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LLP Formation with VAT Registration, Create an LLP and Get the VAT Registration Number from £32.00!

Does an LLP liable to pay the VAT?

 
Who is Liable to Pay VAT?

A person, partnership or company can register for VAT. Section 9 of the Partnership Act 1890, states: -

'Every partner in a firm is liable jointly with the other partners, and in Scotland severally also, for all debts and obligations of the firm incurred while he is a partner; and after his death his estate is also severally liable in a due court of administration for such debts and obligations, so far as they remain unsatisfied, but subject in England or Ireland to the prior payment of his separate debts.'

HMRC determines which entity will be liable for debt within a partnership, and this is dependent on where the LLP is registered. In this regard, they make take action against the partnership, any of the solvent partners that are liable for any part of the debt, or both the partnership and the solvent partners’ (for example, in insolvency proceedings).

Persons within a partnership will not be able to appeal once HMRC has decided to take action against them, and as such, they will not need to explain their actions. If one partner pays the debt then this releases all the others from it. Any discrepancies regarding which members pay for what portion of the debt afterwards is a matter that you will need to resolve internally.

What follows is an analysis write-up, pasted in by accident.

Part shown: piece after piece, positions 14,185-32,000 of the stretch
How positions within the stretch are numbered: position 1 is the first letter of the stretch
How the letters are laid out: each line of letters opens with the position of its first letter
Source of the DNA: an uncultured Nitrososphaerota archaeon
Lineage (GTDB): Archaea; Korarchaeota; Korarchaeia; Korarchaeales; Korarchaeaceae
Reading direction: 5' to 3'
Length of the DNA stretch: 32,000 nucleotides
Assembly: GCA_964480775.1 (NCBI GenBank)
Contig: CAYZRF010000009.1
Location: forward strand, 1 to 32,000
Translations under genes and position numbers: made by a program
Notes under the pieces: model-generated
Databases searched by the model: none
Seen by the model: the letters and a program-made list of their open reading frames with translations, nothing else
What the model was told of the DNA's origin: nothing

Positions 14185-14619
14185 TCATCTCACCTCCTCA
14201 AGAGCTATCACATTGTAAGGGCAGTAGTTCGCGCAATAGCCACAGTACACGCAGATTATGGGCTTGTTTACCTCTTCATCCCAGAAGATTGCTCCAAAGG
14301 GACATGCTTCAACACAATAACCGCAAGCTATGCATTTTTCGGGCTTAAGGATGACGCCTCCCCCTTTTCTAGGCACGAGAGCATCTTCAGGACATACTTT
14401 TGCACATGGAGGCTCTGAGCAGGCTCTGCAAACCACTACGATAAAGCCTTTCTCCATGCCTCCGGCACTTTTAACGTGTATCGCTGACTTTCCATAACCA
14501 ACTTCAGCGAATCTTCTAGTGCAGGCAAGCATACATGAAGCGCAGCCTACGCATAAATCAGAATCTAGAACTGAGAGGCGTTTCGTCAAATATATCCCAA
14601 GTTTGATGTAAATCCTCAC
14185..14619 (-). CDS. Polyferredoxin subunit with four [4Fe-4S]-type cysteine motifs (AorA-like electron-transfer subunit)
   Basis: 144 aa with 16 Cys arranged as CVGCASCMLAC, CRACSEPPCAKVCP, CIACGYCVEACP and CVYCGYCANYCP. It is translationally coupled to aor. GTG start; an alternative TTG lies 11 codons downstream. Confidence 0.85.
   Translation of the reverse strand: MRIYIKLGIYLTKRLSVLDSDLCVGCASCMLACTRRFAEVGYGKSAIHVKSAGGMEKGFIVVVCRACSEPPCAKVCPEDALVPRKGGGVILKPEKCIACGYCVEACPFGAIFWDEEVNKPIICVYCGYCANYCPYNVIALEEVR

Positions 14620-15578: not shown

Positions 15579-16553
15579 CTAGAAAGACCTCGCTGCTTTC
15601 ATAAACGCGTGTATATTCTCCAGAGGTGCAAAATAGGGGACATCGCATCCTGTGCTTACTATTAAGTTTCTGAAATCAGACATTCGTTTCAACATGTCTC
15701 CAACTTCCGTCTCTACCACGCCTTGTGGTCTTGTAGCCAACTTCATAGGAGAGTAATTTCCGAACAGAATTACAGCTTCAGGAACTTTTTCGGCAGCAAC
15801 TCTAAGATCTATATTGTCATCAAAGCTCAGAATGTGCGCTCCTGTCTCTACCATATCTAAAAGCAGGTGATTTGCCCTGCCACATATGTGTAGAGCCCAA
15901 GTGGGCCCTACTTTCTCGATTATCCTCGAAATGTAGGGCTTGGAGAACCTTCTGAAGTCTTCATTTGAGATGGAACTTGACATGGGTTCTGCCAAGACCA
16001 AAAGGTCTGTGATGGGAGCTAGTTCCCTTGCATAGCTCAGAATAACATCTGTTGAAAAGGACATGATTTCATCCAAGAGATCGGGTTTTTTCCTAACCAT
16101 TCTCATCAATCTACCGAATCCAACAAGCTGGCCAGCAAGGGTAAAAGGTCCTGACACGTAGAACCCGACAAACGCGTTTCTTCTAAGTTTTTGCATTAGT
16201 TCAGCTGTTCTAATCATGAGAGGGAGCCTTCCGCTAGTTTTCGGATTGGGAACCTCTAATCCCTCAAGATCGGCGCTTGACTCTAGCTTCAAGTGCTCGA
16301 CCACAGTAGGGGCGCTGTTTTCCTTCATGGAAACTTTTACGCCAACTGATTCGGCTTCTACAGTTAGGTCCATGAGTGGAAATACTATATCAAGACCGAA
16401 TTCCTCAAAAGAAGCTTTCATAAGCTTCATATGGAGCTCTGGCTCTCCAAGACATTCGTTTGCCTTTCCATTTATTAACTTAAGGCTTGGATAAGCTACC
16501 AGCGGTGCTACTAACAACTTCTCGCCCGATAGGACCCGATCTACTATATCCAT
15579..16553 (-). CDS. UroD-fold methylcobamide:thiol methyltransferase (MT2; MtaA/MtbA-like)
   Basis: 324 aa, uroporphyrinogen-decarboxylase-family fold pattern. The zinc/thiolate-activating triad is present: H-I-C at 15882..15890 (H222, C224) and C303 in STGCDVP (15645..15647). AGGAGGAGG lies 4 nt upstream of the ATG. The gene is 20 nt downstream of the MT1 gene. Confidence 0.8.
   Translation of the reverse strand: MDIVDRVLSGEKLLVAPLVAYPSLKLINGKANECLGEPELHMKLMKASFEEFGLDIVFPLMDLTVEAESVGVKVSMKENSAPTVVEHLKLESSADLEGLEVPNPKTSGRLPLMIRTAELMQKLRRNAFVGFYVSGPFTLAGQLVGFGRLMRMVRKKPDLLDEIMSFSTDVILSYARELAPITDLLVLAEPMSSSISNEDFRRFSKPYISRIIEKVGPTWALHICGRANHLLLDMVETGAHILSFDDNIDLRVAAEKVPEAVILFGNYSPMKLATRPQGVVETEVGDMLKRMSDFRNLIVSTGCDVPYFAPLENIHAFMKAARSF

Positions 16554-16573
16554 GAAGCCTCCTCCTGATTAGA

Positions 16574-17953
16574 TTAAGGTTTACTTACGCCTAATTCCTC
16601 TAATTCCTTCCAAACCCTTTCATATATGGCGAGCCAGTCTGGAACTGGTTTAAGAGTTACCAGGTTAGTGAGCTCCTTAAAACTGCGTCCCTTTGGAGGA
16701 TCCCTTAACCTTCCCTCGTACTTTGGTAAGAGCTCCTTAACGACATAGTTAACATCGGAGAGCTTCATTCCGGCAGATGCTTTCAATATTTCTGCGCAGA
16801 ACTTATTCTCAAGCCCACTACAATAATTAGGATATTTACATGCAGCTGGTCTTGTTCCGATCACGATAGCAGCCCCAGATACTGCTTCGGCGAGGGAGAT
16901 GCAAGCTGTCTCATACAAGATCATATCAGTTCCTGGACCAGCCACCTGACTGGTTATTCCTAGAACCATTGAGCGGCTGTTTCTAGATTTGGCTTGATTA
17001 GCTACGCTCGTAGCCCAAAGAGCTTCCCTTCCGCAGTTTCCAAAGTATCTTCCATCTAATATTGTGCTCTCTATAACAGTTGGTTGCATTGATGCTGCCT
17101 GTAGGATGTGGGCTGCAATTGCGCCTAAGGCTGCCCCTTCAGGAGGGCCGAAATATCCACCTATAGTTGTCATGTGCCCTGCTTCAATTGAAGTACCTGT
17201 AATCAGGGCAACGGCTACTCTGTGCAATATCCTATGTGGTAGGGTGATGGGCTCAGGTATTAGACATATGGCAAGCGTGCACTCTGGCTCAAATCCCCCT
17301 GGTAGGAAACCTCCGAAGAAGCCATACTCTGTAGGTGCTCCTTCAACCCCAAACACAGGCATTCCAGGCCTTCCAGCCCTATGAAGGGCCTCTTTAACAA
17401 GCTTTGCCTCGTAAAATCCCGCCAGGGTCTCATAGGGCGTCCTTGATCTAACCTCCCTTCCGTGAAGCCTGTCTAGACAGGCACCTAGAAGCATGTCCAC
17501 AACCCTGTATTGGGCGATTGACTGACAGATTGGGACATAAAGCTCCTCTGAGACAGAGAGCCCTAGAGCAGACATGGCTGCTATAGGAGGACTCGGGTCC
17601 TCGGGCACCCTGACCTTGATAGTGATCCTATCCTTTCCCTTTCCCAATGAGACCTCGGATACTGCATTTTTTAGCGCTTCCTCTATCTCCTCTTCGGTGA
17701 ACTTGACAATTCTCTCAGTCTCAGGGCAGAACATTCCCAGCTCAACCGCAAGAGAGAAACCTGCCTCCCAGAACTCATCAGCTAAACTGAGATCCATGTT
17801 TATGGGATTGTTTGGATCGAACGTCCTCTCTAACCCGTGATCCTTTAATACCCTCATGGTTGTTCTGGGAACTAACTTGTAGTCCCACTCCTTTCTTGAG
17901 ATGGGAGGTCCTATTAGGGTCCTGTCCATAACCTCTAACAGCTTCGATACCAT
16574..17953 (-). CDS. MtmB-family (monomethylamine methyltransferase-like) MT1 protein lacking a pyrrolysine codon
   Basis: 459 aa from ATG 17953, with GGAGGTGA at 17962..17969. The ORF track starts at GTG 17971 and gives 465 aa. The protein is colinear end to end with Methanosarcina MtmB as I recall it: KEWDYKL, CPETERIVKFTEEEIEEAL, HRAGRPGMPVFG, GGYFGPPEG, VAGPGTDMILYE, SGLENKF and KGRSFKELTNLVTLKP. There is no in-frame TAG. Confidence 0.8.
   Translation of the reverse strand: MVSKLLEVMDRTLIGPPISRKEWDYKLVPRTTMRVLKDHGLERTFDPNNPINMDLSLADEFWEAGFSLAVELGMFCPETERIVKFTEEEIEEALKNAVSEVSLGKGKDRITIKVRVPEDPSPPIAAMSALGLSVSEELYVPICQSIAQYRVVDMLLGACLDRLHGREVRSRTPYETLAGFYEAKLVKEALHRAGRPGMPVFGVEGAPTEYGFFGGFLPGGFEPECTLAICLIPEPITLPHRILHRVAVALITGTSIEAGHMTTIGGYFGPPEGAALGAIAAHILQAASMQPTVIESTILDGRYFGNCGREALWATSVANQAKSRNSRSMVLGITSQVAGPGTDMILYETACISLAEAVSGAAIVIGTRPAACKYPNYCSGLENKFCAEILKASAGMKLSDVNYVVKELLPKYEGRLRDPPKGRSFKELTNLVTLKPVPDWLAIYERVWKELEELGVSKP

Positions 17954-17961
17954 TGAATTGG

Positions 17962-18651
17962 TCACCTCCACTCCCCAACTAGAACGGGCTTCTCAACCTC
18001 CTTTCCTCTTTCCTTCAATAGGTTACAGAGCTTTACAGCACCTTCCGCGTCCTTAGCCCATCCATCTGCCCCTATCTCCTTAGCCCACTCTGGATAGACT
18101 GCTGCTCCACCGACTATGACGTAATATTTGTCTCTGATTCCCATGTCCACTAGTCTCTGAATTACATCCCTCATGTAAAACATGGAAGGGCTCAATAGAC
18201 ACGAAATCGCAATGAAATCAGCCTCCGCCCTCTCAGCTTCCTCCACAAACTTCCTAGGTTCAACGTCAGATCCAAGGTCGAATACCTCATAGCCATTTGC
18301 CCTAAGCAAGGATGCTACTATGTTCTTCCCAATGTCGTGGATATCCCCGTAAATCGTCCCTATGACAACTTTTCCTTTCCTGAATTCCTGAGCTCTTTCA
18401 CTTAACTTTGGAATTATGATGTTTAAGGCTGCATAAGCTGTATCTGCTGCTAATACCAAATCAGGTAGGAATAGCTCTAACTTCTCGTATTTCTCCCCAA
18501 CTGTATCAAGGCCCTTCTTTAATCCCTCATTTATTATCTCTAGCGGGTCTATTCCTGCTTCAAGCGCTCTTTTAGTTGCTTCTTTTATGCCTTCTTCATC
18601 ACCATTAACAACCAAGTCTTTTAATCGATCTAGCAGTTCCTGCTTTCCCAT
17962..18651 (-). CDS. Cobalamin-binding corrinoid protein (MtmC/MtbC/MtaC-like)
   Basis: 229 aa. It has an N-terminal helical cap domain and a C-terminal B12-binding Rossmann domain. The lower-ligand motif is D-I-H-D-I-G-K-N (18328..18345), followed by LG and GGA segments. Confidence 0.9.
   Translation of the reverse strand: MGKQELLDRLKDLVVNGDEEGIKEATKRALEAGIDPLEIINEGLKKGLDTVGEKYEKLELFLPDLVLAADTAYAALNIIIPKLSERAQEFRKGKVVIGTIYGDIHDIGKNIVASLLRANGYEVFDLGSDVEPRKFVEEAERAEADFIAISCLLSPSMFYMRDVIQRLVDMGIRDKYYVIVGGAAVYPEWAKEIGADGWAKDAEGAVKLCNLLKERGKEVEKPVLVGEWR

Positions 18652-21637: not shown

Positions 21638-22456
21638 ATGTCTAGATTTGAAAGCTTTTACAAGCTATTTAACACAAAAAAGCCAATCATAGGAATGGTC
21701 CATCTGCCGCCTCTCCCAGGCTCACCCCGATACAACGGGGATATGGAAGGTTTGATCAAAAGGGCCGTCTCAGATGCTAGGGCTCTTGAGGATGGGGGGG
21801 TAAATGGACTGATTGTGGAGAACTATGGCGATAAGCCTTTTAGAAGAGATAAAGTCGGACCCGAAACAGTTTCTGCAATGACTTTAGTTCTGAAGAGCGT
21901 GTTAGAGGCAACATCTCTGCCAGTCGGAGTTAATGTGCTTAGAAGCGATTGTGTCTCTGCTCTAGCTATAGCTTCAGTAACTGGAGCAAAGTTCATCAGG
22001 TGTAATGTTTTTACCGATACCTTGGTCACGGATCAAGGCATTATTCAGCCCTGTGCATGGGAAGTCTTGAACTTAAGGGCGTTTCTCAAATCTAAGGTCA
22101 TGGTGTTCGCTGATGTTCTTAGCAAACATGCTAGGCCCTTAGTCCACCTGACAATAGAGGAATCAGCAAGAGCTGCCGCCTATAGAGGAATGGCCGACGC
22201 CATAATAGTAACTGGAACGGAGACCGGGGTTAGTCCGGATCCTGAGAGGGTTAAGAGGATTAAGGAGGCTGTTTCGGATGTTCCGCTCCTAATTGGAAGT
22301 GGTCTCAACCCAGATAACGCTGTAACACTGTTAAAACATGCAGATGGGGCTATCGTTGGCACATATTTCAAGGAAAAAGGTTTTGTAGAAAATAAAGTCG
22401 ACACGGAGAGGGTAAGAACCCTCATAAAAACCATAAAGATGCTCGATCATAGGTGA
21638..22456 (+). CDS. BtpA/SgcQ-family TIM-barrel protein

If a partner leaves a partnership, that partner will still be liable to pay VAT until HMRC receive notification that he or she is no longer part of that partnership. If the partnership ceases trade when a partner leaves then the HMRC will calculate the liability up until that point. It may be necessary for the HMRC to calculate a partner’s liability daily; section 45 (5) of the VAT Act 1994, states:

'Subsections (1) and (3) above shall not affect the extent to which, under Section 9 of the Partnership Act 1890, a partner is liable for VAT owed by the firm; but where a person is a partner in a firm during part only of a prescribed accounting period, his liability for VAT on the supply by the firm during the accounting period or on the acquisition during that period by the firm of any goods from another member State shall be such proportion of the firm’s liability as may be just.'

If HMRC send documents to the partnership after a member's departure, those documents would be deemed as served to the member. (s.45 (3) and (4) of the VAT Act 1994).

In the event that a person is taking action against a partner(s) (in an insolvency proceeding for example), then all action will suspend if a member is challenging the debt.

If you join a partnership that is already in debt and accumulated that debt before you join, you will not usually be liable for the partnership debt. In the event that a partner joins the partnership halfway through an accounting period when the liability incurs, the new partner may be liable in part or in full for the debt.